I'm a little weirded out by this. Here are some excerpts from the article.
NASA said it will establish an international base camp on one of the moon's poles, permanently staffing it by 2024, four years after astronauts land there.
t is a sweeping departure from the Apollo moon missions of the 1960s and represents a new phase of space exploration after space shuttles are retired in 2010.
I didn't know they were retiring space shuttles, did you?
For four years, the lunar base won't be built up enough for long visits, so astronauts will only spend a week at a time. But after that, NASA envisions people living on the moon for six-month stints.
NASA also hopes that hydrogen, oxygen and other moon resources can be used as supplies for the lunar outpost. Eventually, getting oxygen there may be simple enough that it could be turned over to a commercial supplier, Horowitz said.
The bolded part just does not sound good to me, given what we've done with THIS planet.
NASA's vision for the moon is more than just American astronauts — it includes space travelers from other countries and even commercial interests, if possible.
For some reason the image of "Disney Moon" comes to mind.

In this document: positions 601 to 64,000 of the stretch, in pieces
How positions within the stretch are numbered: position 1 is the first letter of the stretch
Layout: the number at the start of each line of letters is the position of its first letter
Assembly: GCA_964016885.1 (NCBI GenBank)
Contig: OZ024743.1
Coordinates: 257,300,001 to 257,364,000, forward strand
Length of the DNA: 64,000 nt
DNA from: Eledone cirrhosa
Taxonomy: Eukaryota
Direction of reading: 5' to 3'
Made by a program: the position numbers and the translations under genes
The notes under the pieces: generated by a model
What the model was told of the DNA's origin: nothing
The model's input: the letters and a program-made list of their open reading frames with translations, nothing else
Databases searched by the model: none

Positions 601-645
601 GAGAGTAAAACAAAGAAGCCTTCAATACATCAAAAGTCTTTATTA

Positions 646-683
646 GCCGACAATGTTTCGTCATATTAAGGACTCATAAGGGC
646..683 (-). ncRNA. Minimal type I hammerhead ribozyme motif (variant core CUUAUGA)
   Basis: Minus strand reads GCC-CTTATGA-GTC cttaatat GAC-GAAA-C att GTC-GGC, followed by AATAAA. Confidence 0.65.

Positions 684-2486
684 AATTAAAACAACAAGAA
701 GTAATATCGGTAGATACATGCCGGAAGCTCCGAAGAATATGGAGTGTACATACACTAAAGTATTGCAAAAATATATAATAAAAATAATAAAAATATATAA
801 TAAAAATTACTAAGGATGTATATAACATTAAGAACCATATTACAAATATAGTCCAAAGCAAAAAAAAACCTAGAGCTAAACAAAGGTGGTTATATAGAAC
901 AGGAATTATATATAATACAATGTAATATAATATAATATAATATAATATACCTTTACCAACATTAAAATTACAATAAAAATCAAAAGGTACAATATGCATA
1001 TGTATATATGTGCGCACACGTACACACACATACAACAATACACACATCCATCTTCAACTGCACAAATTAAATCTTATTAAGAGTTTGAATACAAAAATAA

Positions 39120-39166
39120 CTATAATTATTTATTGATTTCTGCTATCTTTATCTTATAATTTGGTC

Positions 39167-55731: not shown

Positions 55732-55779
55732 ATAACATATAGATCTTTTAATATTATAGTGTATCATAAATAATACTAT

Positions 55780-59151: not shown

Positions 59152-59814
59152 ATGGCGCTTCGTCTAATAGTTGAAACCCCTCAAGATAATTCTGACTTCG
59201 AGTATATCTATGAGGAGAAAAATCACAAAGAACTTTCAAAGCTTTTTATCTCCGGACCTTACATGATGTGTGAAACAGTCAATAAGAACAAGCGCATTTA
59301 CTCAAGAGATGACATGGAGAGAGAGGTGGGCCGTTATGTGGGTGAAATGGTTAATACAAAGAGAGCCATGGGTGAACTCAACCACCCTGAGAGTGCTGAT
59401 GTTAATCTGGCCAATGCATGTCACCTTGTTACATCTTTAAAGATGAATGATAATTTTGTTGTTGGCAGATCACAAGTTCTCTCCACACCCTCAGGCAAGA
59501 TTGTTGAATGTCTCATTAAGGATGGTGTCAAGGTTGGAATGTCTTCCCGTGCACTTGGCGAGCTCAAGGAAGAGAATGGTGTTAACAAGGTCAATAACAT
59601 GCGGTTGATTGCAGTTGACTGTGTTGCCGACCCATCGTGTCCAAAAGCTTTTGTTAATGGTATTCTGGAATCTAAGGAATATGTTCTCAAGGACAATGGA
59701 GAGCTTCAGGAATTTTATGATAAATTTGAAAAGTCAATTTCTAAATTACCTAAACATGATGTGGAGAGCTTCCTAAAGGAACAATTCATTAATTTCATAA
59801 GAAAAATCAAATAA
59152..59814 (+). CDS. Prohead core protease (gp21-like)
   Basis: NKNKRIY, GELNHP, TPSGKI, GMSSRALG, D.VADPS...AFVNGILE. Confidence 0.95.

The key decision for NASA in its planning was whether to have a permanent settlement, and that drove other decisions, Dale said. Going with a permanent base was an outcome of NASA asking itself and more than 1,000 experts from 14 nations the questions: "Why are we returning to the moon and what we plan to do when we get there?"
Two key themes, according to NASA, were to prepare for future exploration, with Mars the next stop, and expansion of human civilization. Both NASA's science and engineering communities agreed on a permanent outpost, an agreement rare for two conflicting sides of the agency, Horowitz said.
If you're not going to make your dreams epic, why bother to dream anything at all? -Scott Miller
I hope they set it up on the dark side of the moon. It would be horrible if it were on the side we can see. It probably couldn't be seen from Earth at that distance, but knowing that it's there would be upsetting.